cantus firmus

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  • noun

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a melody used as the basis for a polyphonic composition

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German music historiographers acknowledge Pesin as a highly skilled composer of the Gesellschaftslieder, secular social entertainment polyphonic songs, whose cantus firmus often contained in the tenor a popular folk tune (Tenorlied).
When the soprano voices and oboes enter with the chorale melody in half-notes, the rest of the vocal ensemble supports the cantus firmus in block homophony and is joined with a return of the lively ritornello material in the violins.
This topic is indeed the cantus firmus, so to say, of much of Ratzinger's theology of political life.
The work is based on a melodic line, a series of harmonies and a specific theme using cantus firmus and talea (composing techniques).
For example, in the series "Cantus firmus" he managed to identify the suggested love of a beloved with the degeneration of nature.
Not only is the superius part of this Mass movement based on a previously unrecognized cantus firmus, but the cantus firmus is of the so-called `foreign' type, and thus represents a compositional technique not previously identified in 15th-century English church music.
The cantus firmus, I think, is the portrayal of the Church as freed by the Spirit to interpret its Savior and his summons anew in the light of ongoing experience.
Hillier relates the emergence of Part's tintinnabuli style to his study of early music, identifying a number of parallels in terms of word-setting, the use of drones and the cantus firmus; but he concludes that Part 'followed the principles in spirit rather than to the letter' (p.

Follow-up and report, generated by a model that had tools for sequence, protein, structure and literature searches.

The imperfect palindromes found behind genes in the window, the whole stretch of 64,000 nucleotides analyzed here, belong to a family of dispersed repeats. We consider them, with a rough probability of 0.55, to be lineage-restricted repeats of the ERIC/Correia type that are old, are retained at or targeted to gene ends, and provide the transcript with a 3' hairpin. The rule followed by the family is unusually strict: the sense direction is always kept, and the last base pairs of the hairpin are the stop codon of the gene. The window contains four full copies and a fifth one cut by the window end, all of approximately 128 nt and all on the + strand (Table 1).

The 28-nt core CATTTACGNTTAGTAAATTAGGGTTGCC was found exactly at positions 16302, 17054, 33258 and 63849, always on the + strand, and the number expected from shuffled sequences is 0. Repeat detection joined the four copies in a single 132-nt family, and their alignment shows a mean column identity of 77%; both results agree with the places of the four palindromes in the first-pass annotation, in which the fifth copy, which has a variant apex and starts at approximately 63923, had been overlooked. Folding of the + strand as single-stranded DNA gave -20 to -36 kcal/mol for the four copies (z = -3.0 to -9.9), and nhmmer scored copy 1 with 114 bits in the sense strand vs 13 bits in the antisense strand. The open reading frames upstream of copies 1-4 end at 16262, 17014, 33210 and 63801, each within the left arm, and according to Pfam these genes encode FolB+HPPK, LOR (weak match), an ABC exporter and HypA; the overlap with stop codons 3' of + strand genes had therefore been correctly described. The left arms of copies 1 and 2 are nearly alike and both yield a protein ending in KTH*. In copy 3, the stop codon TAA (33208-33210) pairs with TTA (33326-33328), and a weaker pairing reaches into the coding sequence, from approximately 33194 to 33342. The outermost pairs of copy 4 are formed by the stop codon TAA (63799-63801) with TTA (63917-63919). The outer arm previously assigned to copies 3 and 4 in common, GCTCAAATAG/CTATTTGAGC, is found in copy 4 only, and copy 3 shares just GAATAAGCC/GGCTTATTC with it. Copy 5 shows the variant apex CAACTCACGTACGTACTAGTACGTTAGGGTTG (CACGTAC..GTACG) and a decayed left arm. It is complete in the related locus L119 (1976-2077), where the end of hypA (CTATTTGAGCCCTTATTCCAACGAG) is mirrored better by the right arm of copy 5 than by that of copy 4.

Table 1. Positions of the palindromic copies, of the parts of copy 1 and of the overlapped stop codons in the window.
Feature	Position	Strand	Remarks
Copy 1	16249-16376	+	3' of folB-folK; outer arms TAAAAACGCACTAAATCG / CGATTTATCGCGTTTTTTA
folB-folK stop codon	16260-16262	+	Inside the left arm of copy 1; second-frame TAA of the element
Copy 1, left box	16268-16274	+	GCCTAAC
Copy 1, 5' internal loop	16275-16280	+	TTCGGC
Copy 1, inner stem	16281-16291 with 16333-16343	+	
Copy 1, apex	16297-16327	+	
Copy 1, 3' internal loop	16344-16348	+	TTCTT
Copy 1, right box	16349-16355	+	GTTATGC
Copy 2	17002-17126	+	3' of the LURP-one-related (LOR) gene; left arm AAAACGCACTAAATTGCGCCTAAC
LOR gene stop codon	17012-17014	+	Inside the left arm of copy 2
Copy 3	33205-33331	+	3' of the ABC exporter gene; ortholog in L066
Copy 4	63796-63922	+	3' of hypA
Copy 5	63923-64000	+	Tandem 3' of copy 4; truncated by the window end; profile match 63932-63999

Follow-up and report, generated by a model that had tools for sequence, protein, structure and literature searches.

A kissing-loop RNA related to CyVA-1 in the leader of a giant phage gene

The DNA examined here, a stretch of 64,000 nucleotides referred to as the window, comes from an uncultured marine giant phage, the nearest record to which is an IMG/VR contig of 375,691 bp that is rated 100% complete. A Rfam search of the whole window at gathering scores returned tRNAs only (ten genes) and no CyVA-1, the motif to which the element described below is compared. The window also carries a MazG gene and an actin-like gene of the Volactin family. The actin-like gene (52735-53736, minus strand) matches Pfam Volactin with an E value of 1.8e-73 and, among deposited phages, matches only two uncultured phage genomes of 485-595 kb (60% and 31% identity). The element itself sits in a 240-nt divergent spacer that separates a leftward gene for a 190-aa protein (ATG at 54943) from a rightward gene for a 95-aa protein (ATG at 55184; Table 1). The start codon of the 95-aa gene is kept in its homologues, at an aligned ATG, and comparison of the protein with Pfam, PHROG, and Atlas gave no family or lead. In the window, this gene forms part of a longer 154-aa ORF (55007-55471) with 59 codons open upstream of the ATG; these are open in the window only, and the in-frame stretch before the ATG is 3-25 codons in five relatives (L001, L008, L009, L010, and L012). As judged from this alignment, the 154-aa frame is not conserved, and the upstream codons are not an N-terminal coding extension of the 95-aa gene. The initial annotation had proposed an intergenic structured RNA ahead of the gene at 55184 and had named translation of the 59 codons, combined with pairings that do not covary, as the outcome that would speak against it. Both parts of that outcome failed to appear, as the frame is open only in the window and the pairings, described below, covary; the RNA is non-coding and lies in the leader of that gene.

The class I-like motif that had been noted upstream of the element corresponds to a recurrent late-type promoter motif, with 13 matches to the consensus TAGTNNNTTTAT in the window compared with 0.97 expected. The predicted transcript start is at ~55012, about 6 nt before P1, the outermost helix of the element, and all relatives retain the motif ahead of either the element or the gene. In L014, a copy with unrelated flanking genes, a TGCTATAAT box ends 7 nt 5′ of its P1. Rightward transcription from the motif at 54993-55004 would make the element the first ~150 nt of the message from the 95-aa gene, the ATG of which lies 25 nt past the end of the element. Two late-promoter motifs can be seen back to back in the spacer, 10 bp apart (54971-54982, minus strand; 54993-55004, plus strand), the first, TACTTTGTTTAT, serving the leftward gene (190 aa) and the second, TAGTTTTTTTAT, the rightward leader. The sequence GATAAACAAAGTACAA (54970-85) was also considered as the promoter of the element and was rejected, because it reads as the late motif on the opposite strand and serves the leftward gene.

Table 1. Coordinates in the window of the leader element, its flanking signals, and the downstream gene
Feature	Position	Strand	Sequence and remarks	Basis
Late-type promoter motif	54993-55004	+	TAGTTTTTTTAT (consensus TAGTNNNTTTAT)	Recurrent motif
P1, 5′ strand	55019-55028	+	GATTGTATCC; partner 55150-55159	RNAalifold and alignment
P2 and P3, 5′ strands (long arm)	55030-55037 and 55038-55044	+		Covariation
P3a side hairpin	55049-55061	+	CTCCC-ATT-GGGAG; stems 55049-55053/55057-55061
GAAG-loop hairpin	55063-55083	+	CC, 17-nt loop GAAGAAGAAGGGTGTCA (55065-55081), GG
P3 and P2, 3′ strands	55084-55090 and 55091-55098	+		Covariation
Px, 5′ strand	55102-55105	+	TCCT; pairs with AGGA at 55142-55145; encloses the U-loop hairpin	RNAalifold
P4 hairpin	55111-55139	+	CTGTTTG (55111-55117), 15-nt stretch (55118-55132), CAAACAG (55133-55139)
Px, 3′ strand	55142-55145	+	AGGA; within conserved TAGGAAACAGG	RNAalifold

The first chapter proceeds logically in the manner of species counterpoint, considering in turn one, two, four, and three notes against one note of a cantus firmus. Lusitano then considers the treatment of dissonance and rhythmically-varied counterpoint.
That musical term is polyphony, "a fugue in which a primary and unchanging melody (the cantus firmus) is progressively joined by counterpointed melodies which superficially oppose it but, taken as a whole, blend together into a powerful harmonic whole." (2) Eleven months before his execution Bonhoeffer wrote:
These are cantus firmus settings in which a tenor or superius line of a polyphonic chanson is lifted, literally intact, and surrounded by new lines in an obviously rhythmically and melodically nonvocal style, the most famous examples of which include the numerous arrangements of Hayne van Ghizeghem's De tous biens plaine.
This is the cantus firmus resonating throughout Ratzinger's 55 years of writing on the eucharistic nature of the church, demonstrating a "consistency in spite of a change of perspective."
A strange little rising and falling modal scale serves almost as a cantus firmus here in this beautifully-crafted piece evoking a timeless serenity.